I look next at sub-paragraph (11) of paragraph 7, which points out that when the Corporation are dealing with a project, and doing what, as it seems to me, they often need not necessarily under the terms of reference—that is, to go to the Colonial Office and to the Treasury, in advance of some of the preliminary examinations on the subject: Applications are held up because it is suggested… (c) that a loan to a public utility is 'finance house stuff'". In other words, as I read it, the Treasury, or whoever is responsible, seem to exercise a sort of political control, as well as general financial control, by saying, "Surely this can be done by the City". In other words, when it comes to Colonial Development, wherever they can do so, they try to switch from a project which has been sought out, and which could obviously be both profitable and basically constructive in the future of the territory, and therefore likely to pay well, and say that it is "finance house stuff" and ought to be done by the City. It is not fair to any great Colonial Development Corporation, after it has done part of its work by examination, and has found out what is wanted, to have the cream taken off the milk. That seems to me to be entirely unreasonable, and I hope that we shall have a word from the Minister on that matter.

I was going to say a word about capital reorganisation, but I feel that in view of the Report of the Sinclair Committee it is not necessary to do so. I would refer, however, to paragraph 9, which deals with interest rates. This is a very important issue for this kind of Report on development schemes. Briefly, it says: Despite fall in Bank Rate to 4 per cent., long term rates have not conformed; CDC's long term rate, normally used for development projects, remained at 5¾ per cent. until 9.12.58; since when it has come in two stages to 5½ per cent. I must say that a Government-financed organisation like this ought not to continue to have to be charged the high rates I have quoted, especially if we are to see the reasonably quick placing of the new projects upon a sound financial basis. Every one-half per cent. which is extra in charge on the sinking fund of the particular project concerned is likely to keep back the pace of the development towards entirely profitable operation, and I should have thought that the Government might pay special attention to that point. I am not moved by the idea that in many private ventures to-day there are many private finance companies that will offer the investing public anything from 6½ to 8 per cent.—and even 8¾ per cent., as I saw in one case—of continuous lending, for them to finance industry with. If industry is really taking up that sort of proposition, then it may easily in some instances be paying 10 per cent. plus for developmental projects. It only goes to show that when you really want to get on with the world's business as well as our own country's business, if you are to get to a state of increasing prosperity throughout the world you have got to come away from that kind of finance as soon as possible.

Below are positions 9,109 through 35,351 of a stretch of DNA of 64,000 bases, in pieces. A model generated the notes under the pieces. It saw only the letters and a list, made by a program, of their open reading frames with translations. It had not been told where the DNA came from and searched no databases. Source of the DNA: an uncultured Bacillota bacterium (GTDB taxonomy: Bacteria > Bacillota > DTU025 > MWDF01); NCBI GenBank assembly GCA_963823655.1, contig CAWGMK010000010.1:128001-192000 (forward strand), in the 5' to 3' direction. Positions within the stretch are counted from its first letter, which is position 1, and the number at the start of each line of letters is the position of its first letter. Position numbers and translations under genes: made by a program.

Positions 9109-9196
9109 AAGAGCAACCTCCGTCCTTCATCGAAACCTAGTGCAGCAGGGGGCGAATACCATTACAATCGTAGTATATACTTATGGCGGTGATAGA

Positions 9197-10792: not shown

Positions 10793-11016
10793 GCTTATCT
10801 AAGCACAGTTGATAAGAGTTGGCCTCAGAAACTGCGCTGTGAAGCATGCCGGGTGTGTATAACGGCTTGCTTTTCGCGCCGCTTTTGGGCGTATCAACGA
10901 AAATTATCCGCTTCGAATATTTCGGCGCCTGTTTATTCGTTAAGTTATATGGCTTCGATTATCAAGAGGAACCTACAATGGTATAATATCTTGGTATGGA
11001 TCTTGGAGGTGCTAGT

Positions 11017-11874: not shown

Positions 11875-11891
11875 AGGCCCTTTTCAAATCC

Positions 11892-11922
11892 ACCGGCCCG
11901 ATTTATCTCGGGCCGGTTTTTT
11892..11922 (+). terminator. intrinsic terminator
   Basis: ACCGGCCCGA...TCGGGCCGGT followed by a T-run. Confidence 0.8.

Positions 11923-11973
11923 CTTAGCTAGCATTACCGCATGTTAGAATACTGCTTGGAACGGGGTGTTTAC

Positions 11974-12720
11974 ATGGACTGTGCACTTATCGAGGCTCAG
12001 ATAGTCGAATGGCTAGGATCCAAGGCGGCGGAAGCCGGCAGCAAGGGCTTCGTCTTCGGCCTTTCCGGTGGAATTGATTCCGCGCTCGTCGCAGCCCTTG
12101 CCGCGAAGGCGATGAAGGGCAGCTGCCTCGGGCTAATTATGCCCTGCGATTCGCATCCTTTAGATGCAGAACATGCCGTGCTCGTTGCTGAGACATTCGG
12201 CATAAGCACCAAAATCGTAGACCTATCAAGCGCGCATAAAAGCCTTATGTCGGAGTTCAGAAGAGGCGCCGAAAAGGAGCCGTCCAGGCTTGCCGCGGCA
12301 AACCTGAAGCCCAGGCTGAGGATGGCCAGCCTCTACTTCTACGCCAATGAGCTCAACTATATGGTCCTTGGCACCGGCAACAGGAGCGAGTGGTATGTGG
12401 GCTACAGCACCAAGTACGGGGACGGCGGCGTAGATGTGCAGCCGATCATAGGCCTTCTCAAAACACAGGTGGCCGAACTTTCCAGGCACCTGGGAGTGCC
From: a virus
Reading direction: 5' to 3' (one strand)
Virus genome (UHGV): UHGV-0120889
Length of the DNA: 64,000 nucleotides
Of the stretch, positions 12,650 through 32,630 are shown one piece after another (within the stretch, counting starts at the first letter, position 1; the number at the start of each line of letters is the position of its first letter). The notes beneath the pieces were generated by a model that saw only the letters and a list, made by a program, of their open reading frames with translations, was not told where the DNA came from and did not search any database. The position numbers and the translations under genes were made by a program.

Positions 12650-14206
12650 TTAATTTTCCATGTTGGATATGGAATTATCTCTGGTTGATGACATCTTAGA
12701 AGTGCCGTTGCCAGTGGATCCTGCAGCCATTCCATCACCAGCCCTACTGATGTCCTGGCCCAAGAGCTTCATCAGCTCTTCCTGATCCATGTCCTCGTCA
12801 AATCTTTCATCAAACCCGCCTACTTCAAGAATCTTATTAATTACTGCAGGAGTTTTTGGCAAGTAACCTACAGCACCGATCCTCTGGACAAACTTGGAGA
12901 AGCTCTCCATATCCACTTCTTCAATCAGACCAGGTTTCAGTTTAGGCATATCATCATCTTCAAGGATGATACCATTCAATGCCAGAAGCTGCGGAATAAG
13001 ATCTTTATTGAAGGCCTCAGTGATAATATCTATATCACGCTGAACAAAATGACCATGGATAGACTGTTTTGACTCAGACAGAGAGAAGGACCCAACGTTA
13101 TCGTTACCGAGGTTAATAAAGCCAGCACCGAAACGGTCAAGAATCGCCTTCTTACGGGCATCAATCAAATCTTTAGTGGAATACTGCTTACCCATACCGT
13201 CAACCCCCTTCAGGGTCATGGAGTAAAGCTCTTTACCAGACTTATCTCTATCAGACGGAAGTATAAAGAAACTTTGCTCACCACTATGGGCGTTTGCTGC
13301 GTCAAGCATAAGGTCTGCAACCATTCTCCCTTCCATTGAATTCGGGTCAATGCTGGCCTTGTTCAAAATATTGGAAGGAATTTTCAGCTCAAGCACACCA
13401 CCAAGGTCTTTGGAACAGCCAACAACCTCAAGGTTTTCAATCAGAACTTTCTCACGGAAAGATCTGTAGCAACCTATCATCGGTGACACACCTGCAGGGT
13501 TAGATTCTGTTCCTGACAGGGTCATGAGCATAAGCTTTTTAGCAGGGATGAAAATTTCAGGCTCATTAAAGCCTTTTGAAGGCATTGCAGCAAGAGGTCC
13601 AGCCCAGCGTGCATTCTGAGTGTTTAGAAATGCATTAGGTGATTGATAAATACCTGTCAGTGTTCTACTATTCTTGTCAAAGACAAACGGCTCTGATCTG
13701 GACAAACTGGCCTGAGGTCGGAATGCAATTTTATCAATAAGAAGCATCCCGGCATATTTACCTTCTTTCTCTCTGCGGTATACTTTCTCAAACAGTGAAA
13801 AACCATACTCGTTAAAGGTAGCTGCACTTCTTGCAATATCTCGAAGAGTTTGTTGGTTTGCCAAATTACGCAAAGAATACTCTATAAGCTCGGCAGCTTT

I think it would be a pity if no reference were made to the paragraph in the Report which deals with emergent territories. Paragraph 13 on page 11 says: There was evidence from Montreal Conference that H.M.G. recognises an obligation for ensuring continuance of development finance to emergent territories. CDC regrets that the restrictions imposed upon its future activities in these areas will deny them full use of its unique facilities and managerial experience at the critical transitional stage in their development.'

I remember that in your Lordships' House some two years ago we often had this matter under discussion with reference to projects that were either established or were in contemplation in Ghana. And although the situation here may be slightly different from that which existed at the time when we were making our request to the Government, nevertheless there is surely a strong case to be made that, wherever within the British Commonwealth there are great projects which can be undertaken by the help of public supervision, public expert knowledge in development, and by public finance, our first efforts should be to get that development in the Commonwealth rather than spread our efforts all over the place, however good may be the objects elsewhere—I hope very much that we may have a statement from the noble Earl which will deal with this question of development within emergent territories, and particularly countries like Nigeria. Even if the Government stick like leeches to their project for Federation in Central African and certain other territories, I think they should not cut off from the operations of the Colonial Development Corporation projects that had been undertaken, and projects that could be done for those people in the future.